|Publication number||US5737098 A|
|Application number||US 08/559,510|
|Publication date||Apr 7, 1998|
|Filing date||Nov 15, 1995|
|Priority date||Dec 23, 1992|
|Also published as||EP0603877A2, EP0603877A3, US5497195|
|Publication number||08559510, 559510, US 5737098 A, US 5737098A, US-A-5737098, US5737098 A, US5737098A|
|Original Assignee||Loral Fairchild Corporation|
|Export Citation||BiBTeX, EndNote, RefMan|
|Patent Citations (29), Non-Patent Citations (28), Referenced by (5), Classifications (19), Legal Events (7)|
|External Links: USPTO, USPTO Assignment, Espacenet|
This is a continuation of Ser. No. 07/994,875 filed Dec. 23, 1992 abandoned.
This invention relates to a technique and structure for producing very high resolution color images using a monochrome charge-coupled device (CCD) imager and a sequential color illumination scheme.
Conventional schemes for obtaining color electronic snapshots have traditionally employed one of three techniques. The first of these techniques uses white light illumination of a color CCD imager (FIG. 1). A color CCD imager 10 comprises a monochrome CCD imager upon which color sensitive stripes 14, 16, and 18 are deposited resulting in a mosaic of color pixels 12. The stripes are generally photo sensitive to alternating complementary colors such as red, green, and blue.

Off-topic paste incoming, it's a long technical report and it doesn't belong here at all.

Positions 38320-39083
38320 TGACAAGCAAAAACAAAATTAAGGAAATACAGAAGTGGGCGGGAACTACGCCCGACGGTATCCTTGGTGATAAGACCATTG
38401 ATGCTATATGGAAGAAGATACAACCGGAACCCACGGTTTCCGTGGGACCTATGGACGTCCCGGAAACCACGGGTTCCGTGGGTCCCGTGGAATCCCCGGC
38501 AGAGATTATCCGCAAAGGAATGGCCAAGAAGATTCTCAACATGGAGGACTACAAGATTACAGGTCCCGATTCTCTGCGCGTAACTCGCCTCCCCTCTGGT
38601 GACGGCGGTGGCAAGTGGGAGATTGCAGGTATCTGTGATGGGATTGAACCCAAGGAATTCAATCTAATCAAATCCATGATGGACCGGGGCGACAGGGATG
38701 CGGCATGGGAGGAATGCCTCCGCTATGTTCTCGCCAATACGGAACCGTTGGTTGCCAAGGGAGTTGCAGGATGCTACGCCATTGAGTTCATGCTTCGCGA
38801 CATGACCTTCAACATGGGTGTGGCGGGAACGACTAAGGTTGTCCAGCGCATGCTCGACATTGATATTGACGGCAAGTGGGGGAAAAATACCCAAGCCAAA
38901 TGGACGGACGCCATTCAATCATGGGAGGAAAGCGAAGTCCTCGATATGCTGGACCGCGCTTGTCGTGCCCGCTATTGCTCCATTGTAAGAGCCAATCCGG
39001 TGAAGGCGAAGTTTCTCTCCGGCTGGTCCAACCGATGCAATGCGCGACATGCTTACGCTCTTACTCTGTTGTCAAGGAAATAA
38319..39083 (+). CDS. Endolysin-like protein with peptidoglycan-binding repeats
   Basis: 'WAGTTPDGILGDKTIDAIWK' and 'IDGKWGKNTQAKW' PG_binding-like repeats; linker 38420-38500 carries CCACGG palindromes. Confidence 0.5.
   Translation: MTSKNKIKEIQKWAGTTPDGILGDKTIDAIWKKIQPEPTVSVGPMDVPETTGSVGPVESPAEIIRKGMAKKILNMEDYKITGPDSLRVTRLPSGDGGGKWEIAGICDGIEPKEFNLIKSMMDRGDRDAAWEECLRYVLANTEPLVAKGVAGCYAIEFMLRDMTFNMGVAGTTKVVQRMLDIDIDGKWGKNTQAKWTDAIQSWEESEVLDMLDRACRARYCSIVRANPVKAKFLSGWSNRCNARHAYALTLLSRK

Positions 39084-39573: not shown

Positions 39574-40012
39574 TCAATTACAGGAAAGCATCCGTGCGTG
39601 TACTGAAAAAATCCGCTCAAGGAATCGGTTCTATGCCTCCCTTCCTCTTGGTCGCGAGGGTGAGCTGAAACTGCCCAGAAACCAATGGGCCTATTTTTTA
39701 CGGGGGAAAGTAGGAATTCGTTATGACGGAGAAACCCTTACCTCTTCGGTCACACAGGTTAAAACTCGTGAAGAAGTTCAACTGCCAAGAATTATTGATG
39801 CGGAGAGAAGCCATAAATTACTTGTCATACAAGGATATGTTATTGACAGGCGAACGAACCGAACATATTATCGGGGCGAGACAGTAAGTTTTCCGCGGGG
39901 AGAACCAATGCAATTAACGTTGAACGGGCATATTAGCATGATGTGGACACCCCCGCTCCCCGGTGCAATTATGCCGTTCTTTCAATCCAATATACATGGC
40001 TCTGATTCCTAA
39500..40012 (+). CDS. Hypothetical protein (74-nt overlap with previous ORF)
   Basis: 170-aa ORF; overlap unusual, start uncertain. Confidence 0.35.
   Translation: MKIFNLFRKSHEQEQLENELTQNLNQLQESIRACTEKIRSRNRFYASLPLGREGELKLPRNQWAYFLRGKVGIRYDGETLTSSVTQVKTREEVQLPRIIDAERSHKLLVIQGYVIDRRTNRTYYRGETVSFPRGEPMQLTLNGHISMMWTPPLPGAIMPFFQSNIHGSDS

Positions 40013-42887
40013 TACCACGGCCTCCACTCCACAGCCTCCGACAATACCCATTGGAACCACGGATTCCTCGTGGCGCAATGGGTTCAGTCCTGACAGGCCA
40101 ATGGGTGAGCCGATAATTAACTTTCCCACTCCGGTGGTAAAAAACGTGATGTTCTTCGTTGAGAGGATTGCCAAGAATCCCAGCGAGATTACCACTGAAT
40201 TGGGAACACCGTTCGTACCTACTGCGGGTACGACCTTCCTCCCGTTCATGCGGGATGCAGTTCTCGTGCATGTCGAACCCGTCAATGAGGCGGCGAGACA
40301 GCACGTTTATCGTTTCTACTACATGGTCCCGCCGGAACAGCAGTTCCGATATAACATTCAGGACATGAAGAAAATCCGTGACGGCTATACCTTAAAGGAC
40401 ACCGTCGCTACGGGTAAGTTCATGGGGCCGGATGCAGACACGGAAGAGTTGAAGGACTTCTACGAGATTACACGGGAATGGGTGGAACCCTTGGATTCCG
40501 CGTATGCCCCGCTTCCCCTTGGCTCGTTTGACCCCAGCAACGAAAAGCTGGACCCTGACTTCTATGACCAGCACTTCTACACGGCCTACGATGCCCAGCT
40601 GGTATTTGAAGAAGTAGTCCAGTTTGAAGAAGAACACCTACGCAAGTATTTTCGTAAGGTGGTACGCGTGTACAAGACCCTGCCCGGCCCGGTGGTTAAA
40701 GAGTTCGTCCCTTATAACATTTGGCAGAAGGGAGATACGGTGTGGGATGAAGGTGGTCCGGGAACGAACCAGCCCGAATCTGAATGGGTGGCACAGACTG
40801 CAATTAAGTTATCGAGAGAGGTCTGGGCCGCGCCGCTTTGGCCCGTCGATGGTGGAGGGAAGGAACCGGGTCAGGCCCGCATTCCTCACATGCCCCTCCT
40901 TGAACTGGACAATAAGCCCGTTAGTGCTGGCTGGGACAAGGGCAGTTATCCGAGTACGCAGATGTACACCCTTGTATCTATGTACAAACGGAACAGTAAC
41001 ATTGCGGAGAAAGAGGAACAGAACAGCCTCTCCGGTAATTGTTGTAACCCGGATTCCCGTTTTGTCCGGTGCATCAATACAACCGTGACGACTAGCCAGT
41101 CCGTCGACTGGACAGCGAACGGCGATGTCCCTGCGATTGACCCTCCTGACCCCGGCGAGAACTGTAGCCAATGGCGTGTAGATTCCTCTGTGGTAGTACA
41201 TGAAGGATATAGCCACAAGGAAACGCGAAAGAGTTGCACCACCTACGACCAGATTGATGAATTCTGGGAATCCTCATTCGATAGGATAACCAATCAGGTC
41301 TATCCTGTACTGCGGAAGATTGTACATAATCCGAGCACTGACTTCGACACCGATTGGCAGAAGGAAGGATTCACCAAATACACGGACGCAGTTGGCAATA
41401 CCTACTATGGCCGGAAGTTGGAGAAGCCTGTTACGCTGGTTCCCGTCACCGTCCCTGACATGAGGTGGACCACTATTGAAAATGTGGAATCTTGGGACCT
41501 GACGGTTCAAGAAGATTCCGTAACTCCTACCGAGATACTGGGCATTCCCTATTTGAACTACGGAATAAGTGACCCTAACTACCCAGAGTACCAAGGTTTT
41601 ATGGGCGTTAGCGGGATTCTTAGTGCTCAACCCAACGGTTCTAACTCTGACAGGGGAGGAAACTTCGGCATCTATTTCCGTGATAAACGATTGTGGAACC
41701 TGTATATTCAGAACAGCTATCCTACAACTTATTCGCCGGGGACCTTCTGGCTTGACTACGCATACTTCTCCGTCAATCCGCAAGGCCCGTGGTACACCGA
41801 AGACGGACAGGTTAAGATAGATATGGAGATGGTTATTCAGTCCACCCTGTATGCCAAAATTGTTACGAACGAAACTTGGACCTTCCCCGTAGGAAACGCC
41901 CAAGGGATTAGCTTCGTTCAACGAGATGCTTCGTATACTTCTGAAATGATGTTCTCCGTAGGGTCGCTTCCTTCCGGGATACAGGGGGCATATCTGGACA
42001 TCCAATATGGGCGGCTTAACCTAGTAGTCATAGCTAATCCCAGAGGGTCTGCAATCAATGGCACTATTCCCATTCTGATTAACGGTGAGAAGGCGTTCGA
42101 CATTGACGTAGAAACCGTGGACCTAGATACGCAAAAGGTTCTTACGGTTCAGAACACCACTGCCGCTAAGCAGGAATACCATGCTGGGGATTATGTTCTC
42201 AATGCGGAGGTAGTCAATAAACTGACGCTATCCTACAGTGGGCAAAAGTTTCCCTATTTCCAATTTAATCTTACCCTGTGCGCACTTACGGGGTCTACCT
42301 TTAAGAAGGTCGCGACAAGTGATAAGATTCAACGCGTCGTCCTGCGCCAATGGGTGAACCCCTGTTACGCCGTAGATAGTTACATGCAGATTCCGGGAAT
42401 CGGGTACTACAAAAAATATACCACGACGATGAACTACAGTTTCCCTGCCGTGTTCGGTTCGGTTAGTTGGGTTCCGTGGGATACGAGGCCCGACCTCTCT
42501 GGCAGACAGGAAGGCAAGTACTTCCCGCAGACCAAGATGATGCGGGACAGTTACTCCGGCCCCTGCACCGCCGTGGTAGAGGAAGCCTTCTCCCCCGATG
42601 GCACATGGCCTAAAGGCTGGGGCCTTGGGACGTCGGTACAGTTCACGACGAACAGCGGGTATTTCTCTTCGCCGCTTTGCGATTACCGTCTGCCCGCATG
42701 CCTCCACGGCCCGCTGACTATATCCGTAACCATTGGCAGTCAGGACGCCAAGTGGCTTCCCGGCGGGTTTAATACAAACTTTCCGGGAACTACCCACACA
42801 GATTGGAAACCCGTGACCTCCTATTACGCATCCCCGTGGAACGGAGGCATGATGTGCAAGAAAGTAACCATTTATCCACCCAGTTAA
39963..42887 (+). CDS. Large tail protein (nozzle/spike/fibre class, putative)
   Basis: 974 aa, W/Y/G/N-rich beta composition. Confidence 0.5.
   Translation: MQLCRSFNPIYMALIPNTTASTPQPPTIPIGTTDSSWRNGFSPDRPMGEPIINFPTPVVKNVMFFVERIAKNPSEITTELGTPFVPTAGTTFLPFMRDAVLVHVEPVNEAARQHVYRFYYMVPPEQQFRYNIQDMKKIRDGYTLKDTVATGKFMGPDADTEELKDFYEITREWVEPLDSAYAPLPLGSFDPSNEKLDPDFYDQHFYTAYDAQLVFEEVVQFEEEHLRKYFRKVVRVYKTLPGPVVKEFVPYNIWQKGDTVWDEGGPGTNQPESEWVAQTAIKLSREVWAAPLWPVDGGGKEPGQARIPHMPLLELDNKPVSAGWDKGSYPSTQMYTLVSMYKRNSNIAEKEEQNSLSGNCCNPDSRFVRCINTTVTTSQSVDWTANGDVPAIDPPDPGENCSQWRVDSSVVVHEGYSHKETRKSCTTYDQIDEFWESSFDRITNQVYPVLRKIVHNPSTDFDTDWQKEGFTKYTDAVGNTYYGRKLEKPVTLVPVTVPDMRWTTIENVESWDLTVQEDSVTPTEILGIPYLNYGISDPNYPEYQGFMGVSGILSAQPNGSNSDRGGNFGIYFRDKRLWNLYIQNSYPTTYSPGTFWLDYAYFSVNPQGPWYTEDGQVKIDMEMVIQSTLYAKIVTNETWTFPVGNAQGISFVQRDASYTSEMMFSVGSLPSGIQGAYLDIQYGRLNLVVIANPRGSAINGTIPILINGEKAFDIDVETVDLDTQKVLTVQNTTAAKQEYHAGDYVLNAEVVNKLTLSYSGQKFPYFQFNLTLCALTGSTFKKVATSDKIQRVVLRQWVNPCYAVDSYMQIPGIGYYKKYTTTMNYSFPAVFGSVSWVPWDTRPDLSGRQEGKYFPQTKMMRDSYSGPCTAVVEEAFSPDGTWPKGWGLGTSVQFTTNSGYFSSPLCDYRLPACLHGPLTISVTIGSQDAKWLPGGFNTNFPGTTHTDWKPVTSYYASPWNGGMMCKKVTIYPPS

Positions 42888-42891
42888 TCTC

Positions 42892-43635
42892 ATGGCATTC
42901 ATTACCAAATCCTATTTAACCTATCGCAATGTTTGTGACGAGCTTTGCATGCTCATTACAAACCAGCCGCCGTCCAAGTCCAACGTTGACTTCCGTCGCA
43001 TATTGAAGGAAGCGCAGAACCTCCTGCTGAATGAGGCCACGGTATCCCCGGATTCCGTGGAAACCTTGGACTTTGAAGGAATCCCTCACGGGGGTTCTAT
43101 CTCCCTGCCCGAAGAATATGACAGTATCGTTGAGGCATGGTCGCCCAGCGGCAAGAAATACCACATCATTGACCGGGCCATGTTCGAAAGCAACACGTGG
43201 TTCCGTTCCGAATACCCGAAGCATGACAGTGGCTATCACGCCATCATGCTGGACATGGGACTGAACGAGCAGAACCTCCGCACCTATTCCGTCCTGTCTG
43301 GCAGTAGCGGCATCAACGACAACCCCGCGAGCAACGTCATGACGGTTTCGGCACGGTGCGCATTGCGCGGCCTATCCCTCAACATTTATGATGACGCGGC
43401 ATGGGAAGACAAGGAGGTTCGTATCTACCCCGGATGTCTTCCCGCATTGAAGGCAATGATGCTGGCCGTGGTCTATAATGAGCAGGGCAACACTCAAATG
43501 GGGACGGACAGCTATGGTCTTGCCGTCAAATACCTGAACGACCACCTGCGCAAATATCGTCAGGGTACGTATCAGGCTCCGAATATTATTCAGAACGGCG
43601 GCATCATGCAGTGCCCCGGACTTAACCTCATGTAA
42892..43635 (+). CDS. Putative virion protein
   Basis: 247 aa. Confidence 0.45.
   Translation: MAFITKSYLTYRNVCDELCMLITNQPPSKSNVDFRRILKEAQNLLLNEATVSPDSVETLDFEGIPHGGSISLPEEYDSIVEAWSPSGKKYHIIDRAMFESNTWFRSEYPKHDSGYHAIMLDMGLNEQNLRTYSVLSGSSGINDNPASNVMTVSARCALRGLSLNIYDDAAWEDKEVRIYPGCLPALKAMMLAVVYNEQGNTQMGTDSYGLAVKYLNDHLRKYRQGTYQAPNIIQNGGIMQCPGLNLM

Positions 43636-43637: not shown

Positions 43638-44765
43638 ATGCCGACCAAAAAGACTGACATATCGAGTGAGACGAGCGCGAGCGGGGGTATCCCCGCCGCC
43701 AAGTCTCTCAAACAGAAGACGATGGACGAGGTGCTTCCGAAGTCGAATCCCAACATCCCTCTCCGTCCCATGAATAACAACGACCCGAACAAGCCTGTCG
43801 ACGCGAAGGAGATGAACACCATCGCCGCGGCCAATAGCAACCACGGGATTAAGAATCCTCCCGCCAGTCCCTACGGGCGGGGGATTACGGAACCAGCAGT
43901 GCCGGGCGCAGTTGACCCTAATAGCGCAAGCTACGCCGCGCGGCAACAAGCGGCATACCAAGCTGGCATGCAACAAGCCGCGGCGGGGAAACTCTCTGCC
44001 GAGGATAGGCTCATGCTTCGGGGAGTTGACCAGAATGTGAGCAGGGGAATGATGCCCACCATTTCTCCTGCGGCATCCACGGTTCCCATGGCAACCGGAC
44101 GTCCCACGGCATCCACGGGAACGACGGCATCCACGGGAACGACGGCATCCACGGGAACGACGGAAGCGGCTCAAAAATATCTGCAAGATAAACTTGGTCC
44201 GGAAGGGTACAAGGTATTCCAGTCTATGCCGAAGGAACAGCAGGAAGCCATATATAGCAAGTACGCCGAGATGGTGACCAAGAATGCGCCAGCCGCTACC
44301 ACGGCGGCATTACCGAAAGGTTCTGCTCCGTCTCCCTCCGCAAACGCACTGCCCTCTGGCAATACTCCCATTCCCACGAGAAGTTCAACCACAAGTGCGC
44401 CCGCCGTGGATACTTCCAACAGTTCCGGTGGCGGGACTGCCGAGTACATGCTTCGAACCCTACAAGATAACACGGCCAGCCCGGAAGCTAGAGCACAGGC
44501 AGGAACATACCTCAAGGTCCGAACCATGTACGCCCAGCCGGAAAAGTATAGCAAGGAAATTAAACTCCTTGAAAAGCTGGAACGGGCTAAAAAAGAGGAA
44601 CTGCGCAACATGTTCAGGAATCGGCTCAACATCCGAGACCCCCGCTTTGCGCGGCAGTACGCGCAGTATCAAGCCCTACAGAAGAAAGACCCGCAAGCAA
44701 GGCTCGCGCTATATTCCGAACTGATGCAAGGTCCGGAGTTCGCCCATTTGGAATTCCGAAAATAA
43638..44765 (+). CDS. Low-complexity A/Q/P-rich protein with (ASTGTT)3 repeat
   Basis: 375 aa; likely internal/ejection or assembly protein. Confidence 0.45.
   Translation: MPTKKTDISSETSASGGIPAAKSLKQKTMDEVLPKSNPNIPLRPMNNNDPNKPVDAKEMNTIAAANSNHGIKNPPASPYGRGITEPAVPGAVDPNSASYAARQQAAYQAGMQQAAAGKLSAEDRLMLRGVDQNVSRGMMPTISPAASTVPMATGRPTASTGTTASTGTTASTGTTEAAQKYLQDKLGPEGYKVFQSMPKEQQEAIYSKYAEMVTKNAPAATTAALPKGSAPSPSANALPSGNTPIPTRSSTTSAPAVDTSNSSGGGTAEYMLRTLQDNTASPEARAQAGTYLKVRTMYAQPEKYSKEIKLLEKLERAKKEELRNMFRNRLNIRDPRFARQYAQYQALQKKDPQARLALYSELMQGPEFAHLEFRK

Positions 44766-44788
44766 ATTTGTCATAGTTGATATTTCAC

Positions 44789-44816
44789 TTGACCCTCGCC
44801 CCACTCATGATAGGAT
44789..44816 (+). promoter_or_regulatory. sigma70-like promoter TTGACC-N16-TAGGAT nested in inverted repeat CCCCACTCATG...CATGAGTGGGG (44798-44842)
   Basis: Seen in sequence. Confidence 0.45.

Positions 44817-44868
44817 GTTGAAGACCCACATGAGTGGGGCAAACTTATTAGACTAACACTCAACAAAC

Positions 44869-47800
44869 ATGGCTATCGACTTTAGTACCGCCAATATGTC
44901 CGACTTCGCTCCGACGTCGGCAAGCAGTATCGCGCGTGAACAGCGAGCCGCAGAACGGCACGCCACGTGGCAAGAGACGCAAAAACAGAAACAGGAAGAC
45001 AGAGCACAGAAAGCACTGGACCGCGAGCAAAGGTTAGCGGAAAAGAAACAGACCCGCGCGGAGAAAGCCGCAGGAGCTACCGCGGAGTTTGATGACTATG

The second technique uses white light illumination of a color CCD imaging module. As illustrated by FIG. 2, a color CCD imaging module 20 employs three monochrome CCD imagers 22, 24, and 26 placed behind a beam-splitter 28. The beam-splitter separates the incoming radiation 30 into three beams of different spectral bands (typically, red 32, green 34, and blue 36), with each imaging module storing one of the monochrome images. Both of these techniques can be used to obtain snapshots of subject matter with brief exposure time (e.g., moving objects), however the cost is considerable.